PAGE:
Tag Archives: Chester Johnson

Grand Plans for Whistler Resort Centre

Walking through Olympic Plaza in the winter, chances are you’ll see some people out skating on the ice.  Plans for an ice rink in Whistler Village date back to the 1980s, though the original plans looked a lot different than the rink you see today.

In March 1980 construction began on the Whistler Village Resort/Recreation Centre.  According to a write up in Whistler News, Summer 1980, the Resort Centre would be a “three-level, multi-purpose, indoor recreation and conference centre” or approximately 72,000 square feet (the Whistler Conference Centre today is somewhere over 40,000 square feet).  The proposed budget for the project was in the $5.5 to 5.8 million range with funding provided by the Province of British Columbia in the form of a TIDSA (Travel Industry Development Subsidiary Agreement), the Recreation Facility Assistance and the Whistler Village Land Company.  This budget did not include operating costs.

What could have been: An artist’s rendering of the proposed Whistler Resort Centre, 1980. Whistler Question Collection.

The list of anticipated recreation activities that would have been housed in the Resort Centre is extensive.  Plans included a 20,000 sq. ft. Olympic-sized ice rink, a 3 x 20 metre swimming pool, a whirlpool, saunas, four racquetball courts, a squash court, locker room facilities, the Golf Pro Shop for the Whistler Golf Course, and even a restaurant.

Located on the top floor, the restaurant and lounge area would seat 320 people and “provide guests with views of the ice-skating and swimming activities as well as the surrounding mountain landscape.”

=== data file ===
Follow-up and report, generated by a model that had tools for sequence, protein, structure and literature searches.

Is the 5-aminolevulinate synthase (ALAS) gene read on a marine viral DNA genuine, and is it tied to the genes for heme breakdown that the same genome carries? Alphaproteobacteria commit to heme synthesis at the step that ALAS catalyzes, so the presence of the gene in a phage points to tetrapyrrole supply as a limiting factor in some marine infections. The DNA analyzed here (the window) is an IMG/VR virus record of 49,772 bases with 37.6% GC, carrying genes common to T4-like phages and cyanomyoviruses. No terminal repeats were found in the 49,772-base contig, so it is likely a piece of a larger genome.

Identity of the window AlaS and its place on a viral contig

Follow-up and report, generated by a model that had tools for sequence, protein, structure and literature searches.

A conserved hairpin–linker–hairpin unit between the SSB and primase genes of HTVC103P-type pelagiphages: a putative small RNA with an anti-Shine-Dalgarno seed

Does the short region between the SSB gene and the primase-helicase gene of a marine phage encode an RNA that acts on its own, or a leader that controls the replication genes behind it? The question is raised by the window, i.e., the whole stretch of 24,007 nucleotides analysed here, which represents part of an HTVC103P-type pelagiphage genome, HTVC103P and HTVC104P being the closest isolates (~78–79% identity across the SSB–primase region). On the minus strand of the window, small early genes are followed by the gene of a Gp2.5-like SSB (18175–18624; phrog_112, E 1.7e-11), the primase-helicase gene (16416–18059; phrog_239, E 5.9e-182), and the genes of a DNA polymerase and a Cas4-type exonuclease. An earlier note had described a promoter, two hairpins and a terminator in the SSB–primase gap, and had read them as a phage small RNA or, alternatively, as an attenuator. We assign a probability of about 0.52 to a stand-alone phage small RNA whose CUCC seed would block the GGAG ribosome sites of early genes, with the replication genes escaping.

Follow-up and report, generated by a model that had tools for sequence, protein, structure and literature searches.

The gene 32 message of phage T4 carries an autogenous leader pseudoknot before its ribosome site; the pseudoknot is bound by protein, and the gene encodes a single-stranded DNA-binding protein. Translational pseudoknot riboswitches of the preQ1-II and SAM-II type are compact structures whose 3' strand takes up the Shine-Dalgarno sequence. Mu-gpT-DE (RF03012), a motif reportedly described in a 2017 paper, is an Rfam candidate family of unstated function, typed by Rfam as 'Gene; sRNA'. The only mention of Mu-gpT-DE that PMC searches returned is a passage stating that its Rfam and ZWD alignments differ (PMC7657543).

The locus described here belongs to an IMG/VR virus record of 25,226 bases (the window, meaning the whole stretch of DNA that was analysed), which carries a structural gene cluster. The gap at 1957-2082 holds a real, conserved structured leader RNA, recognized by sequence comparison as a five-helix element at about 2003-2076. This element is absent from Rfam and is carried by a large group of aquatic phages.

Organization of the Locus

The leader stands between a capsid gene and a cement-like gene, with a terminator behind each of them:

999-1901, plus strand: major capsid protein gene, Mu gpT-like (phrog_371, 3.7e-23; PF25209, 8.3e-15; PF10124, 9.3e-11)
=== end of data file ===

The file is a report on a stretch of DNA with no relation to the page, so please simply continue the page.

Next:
The plans for the lower level of the Resort Centre. Whistler Question Collection.

Many of the proposed facilities were multi-use.  A system of interlocking insulated panels meant that in just under four hours the ice rink could be transformed to either carpeting or astroturf to host banquets, staged performances, tennis matches or basketball games.  The Golf Pro Shop would be transformed in the winter months into a cross-country skiing centre.

When a recession hit North America and Whistler in late 1981 the Resort Centre, like much of the Village, was still under construction.  With the economy failing, real estate sales falling and interest rates climbing above 20%, the Whistler Village Land Company found themselves with debts of almost $8 million, liabilities coming to $30 million, and assets in the form of land that nobody wanted to buy.

The Resort Centre under construction, along with the rest of the Whistler Village. Eldon Beck Collection.

In January 1983 the provincial government under Premier Bill Bennett stepped in and formed Whistler Land Co. Developments, a Crown corporation to take over the liabilities and assets of the Whistler Village Land Company.  Chester Johnson, a Vancouver businessman, was chosen by Bennett to chair the board of this new Crown corporation and take over the development of Whistler Village.

Before the building could be reconstructed some of it had to be deconstructed. Whistler Question Collection, 1984.

One of the decisions made by Johnson was to reconstruct the Resort Centre as a conference centre without all of the extra recreational facilities.  A convention business consultant and a Los Angeles architectural company were brought in to convert the Whistler Village Resort/Recreation Centre to the Whistler Conference Centre, a year-round facility meant to attract conventions and visitors to the resort.  Work was well underway on the Whistler Conference Centre by the end of 1984 and was completed by 1986, with no ice rink in sight.  Whistler wouldn’t get an indoor ice rink until 1993 with the opening of the arena at the Meadow Park Sports Centre.

“Last person leaving Whistler, please turn out the lights.”